They are seminary students, so it’s fitting that Jericho starts off talking about how growing up in a Baptist church has inspired his poetry. As a boy, he sang in the youth choir at Shreveport’s Mount Canaan Baptist Church, a grand place of worship with burgundy-colored pews, wood-paneled walls, a balcony and a vaulted ceiling. He loves the pomp and circumstance of church, the stirring gospel music and the unpredictable reactions from parishioners when moved spiritually. Like church services, Jericho explains, poems have structure, music and even surprises.

“You don’t know who is going to shout or why they are going to shout or how loudly or if they are going to be sitting next to you and knock your glasses halfway across the room,” he said. “You know you are going to have a good time. As we enter the space of a poem, you enter the space understanding, ‘Oh, this is going to change me.’

“We want from art the same thing we want from God and we want from prayer,” he continued. “We want to be different after we have the interaction with God. So you enter it knowing it is going to change you.”

Church taught Jericho to be comfortable with vulnerability, an important skill for a poet who mines his personal experiences — the good and the bad — for inspiration. As a boy, he often had to summon the courage to deliver speeches before large audiences in his church. That taught him about poise — and performance.

In the classroom in Atlanta, Jericho starts out thanking the students and their professor — Daniel Black, an author and friend — for welcoming him. Then he dives into “Prayer of the Backhanded.” It’s a poem about seemingly contradictory things: getting hit by his father and loving him. In tones reflecting a range of feelings from pain to serenity, he recites it from memory.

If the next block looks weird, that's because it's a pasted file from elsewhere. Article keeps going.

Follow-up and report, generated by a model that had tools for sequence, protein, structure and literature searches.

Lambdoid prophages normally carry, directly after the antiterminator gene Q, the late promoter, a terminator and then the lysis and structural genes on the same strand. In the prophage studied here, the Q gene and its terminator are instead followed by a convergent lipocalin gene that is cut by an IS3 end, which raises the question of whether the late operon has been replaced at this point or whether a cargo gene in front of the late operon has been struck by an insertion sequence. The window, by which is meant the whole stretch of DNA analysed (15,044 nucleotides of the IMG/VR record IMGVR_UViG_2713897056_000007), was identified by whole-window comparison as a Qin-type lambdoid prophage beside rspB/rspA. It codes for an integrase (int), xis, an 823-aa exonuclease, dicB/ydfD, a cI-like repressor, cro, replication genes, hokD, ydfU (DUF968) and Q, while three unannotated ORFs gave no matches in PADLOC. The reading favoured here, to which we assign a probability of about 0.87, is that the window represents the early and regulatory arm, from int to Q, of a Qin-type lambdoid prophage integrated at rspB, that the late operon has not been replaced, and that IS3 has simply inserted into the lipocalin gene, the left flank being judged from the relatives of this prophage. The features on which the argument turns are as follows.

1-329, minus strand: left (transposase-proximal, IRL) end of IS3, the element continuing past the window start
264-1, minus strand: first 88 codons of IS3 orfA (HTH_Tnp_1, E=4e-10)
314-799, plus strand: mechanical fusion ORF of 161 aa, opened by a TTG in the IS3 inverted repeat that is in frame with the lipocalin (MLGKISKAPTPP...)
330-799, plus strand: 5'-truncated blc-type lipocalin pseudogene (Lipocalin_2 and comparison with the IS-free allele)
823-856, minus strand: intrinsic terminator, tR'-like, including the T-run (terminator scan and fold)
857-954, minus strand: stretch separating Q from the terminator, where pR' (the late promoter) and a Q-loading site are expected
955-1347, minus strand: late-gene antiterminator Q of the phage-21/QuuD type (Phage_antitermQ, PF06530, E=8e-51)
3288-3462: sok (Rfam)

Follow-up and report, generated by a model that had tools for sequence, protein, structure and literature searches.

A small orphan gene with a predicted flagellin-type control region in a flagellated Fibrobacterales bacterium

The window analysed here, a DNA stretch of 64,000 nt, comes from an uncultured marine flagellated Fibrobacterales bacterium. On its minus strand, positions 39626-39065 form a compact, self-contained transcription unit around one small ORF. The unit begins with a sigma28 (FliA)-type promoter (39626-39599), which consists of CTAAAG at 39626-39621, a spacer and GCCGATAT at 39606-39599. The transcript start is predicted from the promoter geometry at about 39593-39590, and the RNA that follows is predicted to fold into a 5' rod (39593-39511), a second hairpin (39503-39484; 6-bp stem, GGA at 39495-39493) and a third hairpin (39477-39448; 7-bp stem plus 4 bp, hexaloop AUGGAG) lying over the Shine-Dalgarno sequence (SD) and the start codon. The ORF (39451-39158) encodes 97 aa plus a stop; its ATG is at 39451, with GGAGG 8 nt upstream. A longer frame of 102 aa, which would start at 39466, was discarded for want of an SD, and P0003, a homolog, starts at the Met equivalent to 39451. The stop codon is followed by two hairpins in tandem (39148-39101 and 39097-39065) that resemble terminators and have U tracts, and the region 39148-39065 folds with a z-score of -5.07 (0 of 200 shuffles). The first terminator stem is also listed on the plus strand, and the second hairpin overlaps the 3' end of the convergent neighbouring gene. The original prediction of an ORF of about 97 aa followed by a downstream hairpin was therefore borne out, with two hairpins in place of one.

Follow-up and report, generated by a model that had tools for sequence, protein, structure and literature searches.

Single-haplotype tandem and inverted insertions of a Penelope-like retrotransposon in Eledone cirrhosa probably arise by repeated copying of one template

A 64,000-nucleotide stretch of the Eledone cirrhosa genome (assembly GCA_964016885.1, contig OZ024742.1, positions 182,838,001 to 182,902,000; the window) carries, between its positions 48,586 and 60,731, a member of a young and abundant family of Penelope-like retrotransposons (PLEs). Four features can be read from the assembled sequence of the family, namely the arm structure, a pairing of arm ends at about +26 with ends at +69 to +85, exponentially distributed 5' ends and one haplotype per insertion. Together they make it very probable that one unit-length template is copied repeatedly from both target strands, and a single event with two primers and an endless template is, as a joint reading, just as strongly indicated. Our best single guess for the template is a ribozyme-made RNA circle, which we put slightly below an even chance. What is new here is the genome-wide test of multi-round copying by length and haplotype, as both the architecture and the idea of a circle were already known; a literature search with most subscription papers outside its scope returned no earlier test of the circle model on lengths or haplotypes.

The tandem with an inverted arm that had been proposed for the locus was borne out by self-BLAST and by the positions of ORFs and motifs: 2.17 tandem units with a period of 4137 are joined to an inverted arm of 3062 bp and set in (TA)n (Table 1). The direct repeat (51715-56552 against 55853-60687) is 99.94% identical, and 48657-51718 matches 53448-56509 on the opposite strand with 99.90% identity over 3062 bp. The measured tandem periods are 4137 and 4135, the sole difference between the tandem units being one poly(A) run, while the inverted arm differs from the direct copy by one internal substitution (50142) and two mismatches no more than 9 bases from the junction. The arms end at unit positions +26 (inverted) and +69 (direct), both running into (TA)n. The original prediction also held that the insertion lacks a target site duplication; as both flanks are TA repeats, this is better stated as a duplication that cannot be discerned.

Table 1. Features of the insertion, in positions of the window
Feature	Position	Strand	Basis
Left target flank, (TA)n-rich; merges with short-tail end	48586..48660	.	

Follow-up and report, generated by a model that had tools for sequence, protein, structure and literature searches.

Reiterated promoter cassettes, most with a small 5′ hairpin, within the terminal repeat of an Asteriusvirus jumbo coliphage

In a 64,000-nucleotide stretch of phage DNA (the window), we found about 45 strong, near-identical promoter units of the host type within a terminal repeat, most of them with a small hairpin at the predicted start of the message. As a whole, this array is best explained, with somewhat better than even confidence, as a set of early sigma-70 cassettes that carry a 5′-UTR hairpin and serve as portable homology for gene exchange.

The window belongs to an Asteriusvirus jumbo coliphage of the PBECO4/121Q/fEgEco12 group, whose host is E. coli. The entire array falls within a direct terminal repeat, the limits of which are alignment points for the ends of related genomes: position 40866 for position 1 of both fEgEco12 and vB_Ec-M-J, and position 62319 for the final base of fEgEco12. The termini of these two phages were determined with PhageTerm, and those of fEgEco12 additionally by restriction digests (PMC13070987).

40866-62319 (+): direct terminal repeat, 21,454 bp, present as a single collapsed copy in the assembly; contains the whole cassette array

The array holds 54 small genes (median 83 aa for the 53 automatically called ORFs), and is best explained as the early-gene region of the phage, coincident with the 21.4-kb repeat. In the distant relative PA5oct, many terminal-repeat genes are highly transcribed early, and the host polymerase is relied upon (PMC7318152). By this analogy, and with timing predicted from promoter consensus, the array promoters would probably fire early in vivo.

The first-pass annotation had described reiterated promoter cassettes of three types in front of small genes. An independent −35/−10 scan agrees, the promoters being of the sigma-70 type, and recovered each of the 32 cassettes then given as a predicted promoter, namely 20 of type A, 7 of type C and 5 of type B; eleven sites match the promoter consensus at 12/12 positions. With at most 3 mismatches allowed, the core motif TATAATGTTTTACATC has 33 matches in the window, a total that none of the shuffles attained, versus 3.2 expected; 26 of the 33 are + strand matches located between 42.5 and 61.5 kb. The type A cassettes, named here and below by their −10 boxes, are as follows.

First he catalogues all the things he says his father would use to punish him: a pear tree switch, a broomstick or an extension cord. His description of his father’s alleged violence is vivid and arresting:

And forgive my forgetting
The love of a hand
Hungry for reflex, a hand that took
No thought of its target
Like hail from a blind sky,
Involuntary, fast, but brutal
In its bruising.

Jericho finishes by asking God to help him “hold in place my blazing jaw/ As I think to say, excuse me.”

Statue-like throughout the reading, the students exhale as if they had been holding their breath the whole time.

“Wow,” someone says. “That’s heavy,” another quietly declares.

Jericho smiles. He’s gotten the intended result: His audience has been affected by what they have just heard, maybe even changed.

“You all are very good,” he tells them, cutting the tension in the room and eliciting laughter. “I wish everybody would do that after every poem. That is good. Thank you.”

3

‘A different breed’
The voice on the other end of the phone line is resonant and authoritative but friendly. It’s the voice of Jericho’s father, Nelson Demery Jr.

He’s a hardworking man who spent much of his childhood fatherless in Cedar Grove, Louisiana. He learned to take care of himself as a young boy when his mother, the daughter of a sharecropper, divorced his biological father and raised him and his five sisters on her own before remarrying years later. Nelson Demery Jr. graduated from Grambling State University with a business degree and built his own landscaping business for which his son worked. He became a deacon in his church.